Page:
Having homeowners insurance is great; if something happens to your property that falls under your homeowners insurance policy coverage, all you have to do is file a claim to have it repaired. There is a downside to filing homeowner’s insurance claims, though, that it’s important to be aware of. Namely, the fact that once you start filing claims, your insurance premiums are likely to increase down the road. The nationwide average for insurance premium increases after a policyholder files a claim is 9% – that means you can expect to have to pay that much more for your insurance after you file one single, solitary claim. The more claims you file, the more your insurance rate will subsequently increase. The reason for that is because homeowners insurance companies know that, statistically, an individual is more likely to file an insurance claim once they file their first. Since that policyholder poses a greater amount of risk, insurance companies will need to charge more to insure them.
The best way to make sure your insurance premiums don’t skyrocket is to only file an insurance claim when you absolutely must. For example, if a pipe bursts and you end up with extensive water damage throughout the home, filing a claim with your homeowners insurance company is probably a good idea. However, if a pipe bursts and there’s minimal damage, it might be cheaper in the long run to either fix it yourself or call a contractor to do the repairs.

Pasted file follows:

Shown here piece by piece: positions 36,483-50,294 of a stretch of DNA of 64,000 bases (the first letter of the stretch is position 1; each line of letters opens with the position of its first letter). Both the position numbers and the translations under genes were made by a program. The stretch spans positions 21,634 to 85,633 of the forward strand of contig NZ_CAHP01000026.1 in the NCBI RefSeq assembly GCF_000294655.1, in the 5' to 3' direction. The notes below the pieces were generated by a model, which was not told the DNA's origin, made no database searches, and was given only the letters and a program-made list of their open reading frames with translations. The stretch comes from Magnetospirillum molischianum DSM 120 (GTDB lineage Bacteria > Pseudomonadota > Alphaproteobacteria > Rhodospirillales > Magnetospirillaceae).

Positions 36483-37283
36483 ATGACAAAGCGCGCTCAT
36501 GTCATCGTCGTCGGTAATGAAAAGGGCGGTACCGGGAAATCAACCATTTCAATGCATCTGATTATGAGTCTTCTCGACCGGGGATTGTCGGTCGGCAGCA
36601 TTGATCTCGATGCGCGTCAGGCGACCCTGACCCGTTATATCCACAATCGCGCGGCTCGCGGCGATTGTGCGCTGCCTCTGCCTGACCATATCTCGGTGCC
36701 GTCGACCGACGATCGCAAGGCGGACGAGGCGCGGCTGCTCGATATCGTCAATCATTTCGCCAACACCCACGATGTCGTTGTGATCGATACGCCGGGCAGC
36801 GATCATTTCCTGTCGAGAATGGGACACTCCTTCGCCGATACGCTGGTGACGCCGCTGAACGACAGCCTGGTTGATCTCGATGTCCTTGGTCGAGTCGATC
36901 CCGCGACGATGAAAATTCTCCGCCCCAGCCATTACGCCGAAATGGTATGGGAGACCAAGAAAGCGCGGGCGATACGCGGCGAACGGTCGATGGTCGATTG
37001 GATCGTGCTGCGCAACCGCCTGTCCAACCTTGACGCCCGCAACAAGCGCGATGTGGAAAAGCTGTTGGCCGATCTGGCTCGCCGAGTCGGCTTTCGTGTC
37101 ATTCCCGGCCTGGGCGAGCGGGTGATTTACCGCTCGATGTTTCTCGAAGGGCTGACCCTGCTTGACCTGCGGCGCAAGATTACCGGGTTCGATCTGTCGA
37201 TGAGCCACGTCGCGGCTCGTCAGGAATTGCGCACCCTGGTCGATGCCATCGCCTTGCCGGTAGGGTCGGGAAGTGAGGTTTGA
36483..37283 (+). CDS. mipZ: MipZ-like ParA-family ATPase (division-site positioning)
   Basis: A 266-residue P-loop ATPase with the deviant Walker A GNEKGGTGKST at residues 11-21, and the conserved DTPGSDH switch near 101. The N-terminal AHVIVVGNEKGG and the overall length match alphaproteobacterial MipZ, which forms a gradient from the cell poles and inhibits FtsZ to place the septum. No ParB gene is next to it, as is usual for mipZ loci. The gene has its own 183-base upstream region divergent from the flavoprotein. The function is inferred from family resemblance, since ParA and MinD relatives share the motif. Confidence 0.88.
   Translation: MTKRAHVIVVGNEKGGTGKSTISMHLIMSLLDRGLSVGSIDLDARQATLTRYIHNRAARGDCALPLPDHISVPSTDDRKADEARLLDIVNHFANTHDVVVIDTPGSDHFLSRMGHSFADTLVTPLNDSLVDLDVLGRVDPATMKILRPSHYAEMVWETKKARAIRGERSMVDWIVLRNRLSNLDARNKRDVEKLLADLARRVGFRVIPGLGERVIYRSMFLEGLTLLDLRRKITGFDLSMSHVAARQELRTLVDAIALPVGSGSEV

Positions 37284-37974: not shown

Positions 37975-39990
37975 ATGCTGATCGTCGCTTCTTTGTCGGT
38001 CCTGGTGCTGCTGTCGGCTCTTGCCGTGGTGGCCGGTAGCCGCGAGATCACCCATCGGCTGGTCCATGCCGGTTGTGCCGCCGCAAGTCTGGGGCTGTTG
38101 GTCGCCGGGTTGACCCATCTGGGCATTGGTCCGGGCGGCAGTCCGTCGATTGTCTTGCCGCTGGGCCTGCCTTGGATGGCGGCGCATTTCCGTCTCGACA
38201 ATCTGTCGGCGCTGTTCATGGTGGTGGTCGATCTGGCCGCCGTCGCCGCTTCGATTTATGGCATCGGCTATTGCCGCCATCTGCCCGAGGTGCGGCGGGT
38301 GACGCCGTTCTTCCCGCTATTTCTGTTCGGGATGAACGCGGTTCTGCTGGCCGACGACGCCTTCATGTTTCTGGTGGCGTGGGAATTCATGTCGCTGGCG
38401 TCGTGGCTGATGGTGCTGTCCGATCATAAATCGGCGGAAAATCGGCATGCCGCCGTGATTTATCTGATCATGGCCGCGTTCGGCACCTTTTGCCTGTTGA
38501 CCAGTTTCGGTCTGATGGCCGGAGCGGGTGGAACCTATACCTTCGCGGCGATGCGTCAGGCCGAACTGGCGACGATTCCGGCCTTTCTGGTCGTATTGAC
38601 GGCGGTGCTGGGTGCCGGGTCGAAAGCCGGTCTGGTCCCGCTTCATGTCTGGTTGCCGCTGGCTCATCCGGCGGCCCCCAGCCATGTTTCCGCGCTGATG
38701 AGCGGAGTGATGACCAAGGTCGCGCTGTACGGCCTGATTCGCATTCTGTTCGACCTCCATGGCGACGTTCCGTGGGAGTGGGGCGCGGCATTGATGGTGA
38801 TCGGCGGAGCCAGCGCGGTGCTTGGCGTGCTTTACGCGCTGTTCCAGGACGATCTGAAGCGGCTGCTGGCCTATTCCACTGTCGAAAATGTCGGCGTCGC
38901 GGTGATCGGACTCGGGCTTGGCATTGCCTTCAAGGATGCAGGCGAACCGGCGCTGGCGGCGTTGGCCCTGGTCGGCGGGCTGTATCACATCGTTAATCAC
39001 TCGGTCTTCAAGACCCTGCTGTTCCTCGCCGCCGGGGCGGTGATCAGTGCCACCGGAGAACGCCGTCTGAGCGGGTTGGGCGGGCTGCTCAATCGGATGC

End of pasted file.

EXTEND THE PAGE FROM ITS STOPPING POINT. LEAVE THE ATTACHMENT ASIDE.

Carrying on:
Insurance companies are adept at paying attention to detail and knowing as much as they can about a person’s claim history before selling a policy. Insurers are able to consult shared databases to track a person’s claim history, so switching carriers to avoid higher premiums probably won’t work. Additionally, insurers will look at the previous homeowners’ claims for up to 7 years prior for underwriting purposes and, if they find that claims were filed during the prior 3 years, your insurance premium will be higher.
It may seem a bit ironic that several small, frivolous claims can easily affect your premiums more than one large one, but that’s the way it works in the insurance world.